A top U.S. public health official warned Monday that imposing travel bans or closing off West Africa to stop the spread of Ebola virus could actually make the situation worse.
“It is understandable that thought, ‘Let’s just close them off.’ But that just doesn’t work,” Anthony S. Fauci, director of the National Institute of Allergy and Infectious Disease, said on Fox News’ “Fox & Friends.”
“From a public health standpoint, that really doesn’t make any sense,” Dr. Fauci said. “To completely seal off and don’t let planes in or out of the West African countries involved, then you could paradoxically make things much worse in the sense that you can’t get supplies in, you can’t get help in, you can’t get the kinds of things in there that we need to contain the epidemic.”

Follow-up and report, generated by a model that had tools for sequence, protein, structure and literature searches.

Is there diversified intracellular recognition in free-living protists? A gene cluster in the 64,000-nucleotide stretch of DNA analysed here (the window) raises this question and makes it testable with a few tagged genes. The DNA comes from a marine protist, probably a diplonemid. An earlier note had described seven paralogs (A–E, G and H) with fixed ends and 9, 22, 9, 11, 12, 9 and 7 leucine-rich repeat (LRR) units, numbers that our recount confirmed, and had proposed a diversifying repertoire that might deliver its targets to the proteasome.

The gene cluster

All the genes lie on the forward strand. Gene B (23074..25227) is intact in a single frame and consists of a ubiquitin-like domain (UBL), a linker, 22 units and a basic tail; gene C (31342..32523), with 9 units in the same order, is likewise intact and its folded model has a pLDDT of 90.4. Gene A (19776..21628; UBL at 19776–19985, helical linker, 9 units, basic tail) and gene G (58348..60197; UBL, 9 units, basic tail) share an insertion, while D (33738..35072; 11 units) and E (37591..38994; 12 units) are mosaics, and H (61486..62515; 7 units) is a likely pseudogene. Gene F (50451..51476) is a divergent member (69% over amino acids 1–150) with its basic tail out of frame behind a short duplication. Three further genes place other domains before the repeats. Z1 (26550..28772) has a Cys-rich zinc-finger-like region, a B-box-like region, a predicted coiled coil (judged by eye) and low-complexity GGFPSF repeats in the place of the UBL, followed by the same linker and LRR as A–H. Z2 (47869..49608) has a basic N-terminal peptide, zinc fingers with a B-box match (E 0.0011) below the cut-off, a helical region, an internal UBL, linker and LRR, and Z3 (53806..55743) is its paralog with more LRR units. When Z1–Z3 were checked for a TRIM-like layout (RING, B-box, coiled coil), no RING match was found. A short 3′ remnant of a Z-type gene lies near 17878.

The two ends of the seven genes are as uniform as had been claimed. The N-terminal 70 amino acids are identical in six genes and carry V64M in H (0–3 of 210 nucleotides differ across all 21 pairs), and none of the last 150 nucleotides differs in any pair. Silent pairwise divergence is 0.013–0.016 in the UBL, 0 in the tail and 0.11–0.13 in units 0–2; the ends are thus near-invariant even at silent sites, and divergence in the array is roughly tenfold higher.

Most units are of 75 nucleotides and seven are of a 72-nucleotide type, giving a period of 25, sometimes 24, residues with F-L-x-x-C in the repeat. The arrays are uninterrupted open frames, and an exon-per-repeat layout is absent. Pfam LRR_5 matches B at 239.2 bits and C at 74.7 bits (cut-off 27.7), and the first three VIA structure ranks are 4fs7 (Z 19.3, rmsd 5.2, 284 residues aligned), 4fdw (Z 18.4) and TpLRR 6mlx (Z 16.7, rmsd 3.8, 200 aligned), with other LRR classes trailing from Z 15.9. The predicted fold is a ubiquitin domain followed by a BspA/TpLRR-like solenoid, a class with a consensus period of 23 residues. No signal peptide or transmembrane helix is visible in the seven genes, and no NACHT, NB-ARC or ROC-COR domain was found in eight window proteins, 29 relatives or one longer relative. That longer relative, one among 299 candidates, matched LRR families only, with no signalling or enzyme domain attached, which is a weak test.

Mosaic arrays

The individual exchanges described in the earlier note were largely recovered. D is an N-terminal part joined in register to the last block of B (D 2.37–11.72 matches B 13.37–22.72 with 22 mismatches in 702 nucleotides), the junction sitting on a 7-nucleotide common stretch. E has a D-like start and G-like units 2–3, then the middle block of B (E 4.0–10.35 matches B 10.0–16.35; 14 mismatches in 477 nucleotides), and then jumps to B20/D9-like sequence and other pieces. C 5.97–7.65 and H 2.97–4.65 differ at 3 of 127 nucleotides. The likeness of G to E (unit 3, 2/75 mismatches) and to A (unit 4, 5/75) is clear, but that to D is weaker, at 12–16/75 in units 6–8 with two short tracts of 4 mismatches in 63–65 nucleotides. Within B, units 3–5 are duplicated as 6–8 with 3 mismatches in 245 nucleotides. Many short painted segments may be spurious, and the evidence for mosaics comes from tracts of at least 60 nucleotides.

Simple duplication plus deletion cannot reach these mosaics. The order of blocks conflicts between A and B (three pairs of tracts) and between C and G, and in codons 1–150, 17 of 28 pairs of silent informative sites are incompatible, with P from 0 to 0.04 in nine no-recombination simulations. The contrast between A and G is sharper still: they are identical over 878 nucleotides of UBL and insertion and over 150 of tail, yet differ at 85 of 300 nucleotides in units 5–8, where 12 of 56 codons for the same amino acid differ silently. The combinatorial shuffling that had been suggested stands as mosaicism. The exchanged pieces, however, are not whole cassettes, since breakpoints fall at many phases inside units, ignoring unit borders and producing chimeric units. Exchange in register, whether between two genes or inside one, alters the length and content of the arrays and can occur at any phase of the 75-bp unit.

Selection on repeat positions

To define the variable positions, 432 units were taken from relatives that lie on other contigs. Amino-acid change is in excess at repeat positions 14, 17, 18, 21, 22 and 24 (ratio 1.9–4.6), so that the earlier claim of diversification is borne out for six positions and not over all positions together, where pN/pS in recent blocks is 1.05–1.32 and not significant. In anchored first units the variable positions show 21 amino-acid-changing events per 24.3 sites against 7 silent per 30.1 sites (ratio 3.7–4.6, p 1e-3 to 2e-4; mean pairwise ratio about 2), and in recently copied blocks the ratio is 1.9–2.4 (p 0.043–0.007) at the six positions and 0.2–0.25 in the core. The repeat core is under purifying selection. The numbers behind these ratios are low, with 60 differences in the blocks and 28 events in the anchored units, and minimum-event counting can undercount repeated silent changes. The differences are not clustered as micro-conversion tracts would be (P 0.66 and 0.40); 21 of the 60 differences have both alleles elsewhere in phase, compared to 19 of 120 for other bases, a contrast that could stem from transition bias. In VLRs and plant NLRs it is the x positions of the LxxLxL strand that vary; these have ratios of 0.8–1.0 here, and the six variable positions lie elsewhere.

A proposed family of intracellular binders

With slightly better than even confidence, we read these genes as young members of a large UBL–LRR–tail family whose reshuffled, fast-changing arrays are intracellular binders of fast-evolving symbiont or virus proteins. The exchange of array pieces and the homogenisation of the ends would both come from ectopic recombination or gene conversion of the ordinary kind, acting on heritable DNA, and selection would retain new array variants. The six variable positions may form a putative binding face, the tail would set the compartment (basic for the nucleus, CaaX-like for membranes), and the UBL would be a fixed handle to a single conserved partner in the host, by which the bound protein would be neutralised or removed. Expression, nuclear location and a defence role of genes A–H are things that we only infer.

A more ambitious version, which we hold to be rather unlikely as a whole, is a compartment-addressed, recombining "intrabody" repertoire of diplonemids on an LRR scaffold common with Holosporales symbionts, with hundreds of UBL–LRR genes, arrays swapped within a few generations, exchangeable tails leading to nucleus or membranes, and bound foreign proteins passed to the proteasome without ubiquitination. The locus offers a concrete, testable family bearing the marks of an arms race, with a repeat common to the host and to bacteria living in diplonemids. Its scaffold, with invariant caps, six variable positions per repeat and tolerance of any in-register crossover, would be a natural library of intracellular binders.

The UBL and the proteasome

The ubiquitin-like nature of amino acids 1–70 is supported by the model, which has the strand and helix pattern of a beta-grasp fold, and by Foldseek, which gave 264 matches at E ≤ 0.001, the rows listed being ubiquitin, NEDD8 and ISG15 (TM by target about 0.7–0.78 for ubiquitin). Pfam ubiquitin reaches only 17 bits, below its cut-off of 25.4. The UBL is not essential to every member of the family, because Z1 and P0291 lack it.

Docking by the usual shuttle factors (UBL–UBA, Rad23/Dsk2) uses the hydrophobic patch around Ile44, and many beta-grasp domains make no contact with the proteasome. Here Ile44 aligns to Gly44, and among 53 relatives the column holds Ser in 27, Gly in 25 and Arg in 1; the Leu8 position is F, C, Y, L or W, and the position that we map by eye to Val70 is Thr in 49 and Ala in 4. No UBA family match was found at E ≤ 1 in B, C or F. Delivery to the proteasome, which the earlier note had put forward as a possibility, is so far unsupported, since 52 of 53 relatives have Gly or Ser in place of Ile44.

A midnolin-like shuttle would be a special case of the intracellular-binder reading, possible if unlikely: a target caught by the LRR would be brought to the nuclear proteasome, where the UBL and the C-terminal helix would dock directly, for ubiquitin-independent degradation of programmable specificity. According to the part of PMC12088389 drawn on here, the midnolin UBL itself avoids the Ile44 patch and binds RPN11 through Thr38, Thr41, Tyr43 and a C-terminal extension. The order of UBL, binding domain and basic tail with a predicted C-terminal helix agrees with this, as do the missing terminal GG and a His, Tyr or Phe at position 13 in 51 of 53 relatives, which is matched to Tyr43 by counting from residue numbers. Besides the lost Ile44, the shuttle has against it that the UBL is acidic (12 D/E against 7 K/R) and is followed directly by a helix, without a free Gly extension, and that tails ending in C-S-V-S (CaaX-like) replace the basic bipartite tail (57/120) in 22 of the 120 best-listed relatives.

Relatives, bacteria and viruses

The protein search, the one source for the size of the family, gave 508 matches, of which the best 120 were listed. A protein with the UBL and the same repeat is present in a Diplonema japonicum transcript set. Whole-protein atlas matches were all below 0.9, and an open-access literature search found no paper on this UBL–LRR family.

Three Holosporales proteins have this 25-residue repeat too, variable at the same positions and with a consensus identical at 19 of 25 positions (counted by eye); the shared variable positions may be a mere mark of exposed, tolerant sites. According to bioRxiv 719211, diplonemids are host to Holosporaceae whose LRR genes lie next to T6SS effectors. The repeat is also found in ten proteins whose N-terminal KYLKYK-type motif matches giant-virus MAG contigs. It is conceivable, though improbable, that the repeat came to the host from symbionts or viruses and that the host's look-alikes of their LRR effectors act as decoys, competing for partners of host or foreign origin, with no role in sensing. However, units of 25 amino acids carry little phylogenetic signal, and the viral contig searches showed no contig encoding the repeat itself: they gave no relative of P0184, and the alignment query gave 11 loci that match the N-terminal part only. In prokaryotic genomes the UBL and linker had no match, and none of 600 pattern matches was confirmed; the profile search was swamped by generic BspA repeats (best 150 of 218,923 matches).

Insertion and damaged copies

Dr. Fauci’s warning came as a specially equipped airplane carrying the fifth American diagnosed with Ebola landed in Omaha, with the patient headed for Nebraska Medical Center.
The 33-year-old patient, Ashoka Mukpo, a freelance cameraman working with NBC News to cover the Ebola epidemic in West Africa, was diagnosed with the deadly virus Thursday.
Meanwhile, the first patient diagnosed with Ebola on U.S. soil continued to fight for his life at a Texas hospital. Another possible case of Ebola, this one involving a child, was being investigated at a Delaware hospital.
Still, Dr. Fauci cautioned Americas against the knee-jerk react to close the border to travelers form West Africa.
“The best way to protect America is to suppress the epidemic in West Africa,” Dr. Fauci said. “If we completely isolate them … we know from experience with public health, that marginalizes them. You can have civil unrest, [and] governments can fall. Then you wind up having spread of the virus to other countries in West Africa, which would only compound the problem.”